Toward the end of his life, he labeled himself a libertarian, according to his son, Paul Toledano.[4]

Death[edit]

He died in Bethesda, Maryland, at 90.

Obits[edit]

Writings[edit]

Non-Fiction[edit]

  • Seeds of Treason (with Victor Lasky) (New York: Funk and Wagnalls, 1950)
  • Spies, Dupes, and Diplomats (New York: Duell, Sloan and Pearce, 1952)
  • Nixon (New York: Holt, 1956)
  • Lament for a Generation (New York: Farrar, Straus and Cudahy, 1960)
  • The Winning side, the Case for Goldwater Republicanism (New York: Putnam, 1963)
  • The Greatest Plot in History (New York; Duell, Sloan and Pearce, 1963)
  • RFK, the Man Who Would Be President (New York: Putnam, 1967)
  • One Man Alone (New York: Funk and Wagnalls, 1969)
  • J. Edgar Hoover (New Rochelle, NY: Arlington House, 1973)
  • Let Our Cities Burn (New Rochelle, NY: Arlington House, 1975)
  • Hit and Run (New Rochelle, NY: Arlington House, 1975)
  • The Apocrypha of Limbo (Gretna, LA: Pelican, 1994)
  • Notes from the Underground (Washington: Regnery, 1997)
  • Cry Havoc: The Great American Bring-down and How It Happened (New York: Anthem, 2006)

Fiction[edit]

  • Day of Reckoning (New York: Holt, 1955)
  • Devil Take Him (New York: Putnam, 1979)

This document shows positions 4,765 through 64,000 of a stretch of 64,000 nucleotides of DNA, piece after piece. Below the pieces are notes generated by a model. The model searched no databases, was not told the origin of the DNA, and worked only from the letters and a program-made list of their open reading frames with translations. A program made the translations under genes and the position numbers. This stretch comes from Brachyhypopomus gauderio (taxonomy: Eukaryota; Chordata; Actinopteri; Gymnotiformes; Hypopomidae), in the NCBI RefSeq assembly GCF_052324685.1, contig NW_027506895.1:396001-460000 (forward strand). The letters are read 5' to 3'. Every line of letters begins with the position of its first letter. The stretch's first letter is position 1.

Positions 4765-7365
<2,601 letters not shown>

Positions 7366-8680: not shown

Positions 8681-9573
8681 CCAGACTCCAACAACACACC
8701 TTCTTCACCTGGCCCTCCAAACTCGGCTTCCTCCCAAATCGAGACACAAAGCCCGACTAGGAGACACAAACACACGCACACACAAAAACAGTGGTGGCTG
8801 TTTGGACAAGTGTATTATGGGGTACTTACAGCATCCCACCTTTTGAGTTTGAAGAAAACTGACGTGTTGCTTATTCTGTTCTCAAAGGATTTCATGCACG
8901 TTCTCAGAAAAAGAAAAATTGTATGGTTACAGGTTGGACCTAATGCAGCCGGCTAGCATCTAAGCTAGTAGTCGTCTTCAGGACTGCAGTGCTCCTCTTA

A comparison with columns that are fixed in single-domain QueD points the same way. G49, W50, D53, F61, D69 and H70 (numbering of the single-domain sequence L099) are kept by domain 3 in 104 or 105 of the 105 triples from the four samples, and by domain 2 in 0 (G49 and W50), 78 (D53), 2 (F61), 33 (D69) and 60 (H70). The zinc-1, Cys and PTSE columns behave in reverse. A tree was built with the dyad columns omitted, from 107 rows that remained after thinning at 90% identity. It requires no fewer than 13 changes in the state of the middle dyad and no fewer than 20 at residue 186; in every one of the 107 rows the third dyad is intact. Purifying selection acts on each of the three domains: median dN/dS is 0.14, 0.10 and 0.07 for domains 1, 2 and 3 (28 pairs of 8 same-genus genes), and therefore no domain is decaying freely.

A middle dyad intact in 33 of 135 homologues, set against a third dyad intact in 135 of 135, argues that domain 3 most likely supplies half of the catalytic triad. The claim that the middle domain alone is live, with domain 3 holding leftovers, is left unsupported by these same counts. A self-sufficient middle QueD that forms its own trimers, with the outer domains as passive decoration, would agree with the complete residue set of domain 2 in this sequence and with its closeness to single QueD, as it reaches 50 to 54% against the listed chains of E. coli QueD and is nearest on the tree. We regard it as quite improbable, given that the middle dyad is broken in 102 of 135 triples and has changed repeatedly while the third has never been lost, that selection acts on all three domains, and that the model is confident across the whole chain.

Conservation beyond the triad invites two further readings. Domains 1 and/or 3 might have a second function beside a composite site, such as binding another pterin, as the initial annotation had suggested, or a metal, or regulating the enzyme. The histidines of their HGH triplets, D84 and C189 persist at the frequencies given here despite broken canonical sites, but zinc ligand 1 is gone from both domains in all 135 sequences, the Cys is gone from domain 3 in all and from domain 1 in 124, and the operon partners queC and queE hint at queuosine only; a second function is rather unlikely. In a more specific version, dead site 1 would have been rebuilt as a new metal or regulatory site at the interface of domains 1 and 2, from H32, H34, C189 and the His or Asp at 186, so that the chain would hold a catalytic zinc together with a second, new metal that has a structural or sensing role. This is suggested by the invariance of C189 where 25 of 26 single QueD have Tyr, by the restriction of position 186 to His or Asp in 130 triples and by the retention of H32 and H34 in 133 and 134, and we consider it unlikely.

Poetry[edit]

  • Poems, You and I (Gretna, LA: Pelican, 1978)

Music[edit]

  • Frontiers of Jazz (New York: O. Durrell, 1947)
  • Satchmo at the National Press Club: Red Beans and Rice-ly Yours: Louis Armstrong, Tyree Glenn, Tommy Gwaltney (Smithsonian Folkways Special Series, 1972) - liner notes for recording[8][9]

References[edit]

  1. ^ a b c d e f g h i j k Martin, Douglas (2007-02-06). "Ralph de Toledano, 90, Writer Known as a Nixon Friend, Dies". New York Times. Retrieved 2013-05-28. 
  2. ^ https://familysearch.org/ark:/61903/1:1:KT39-RLP
  3. ^ https://familysearch.org/ark:/61903/1:1:JTFD-4PD
  4. ^ a b c d e f g Holley, Joe (2007-02-07). "Ralph de Toledano, 90; Ardent Conservative". Washington Post. Retrieved 2013-05-28. 
  5. ^ [1]
  6. ^ Moritz, Charles (1963). Current Biography Yearbook. H. W. Wilson Co. p. 424. Retrieved 5 March 2016. 
  7. ^ a b Back cover of Cry Havoc
  8. ^ "Satchmo at the National Press Club: Red Beans and Rice-ly Yours". Smithsonian Folkways. Retrieved 28 April 2012. 
  9. ^ "Amy Henderson: Satchmo at the National Press Club". Smithsonian - Around the Mall. 24 April 2012. Retrieved 28 April 2012. 

External links[edit]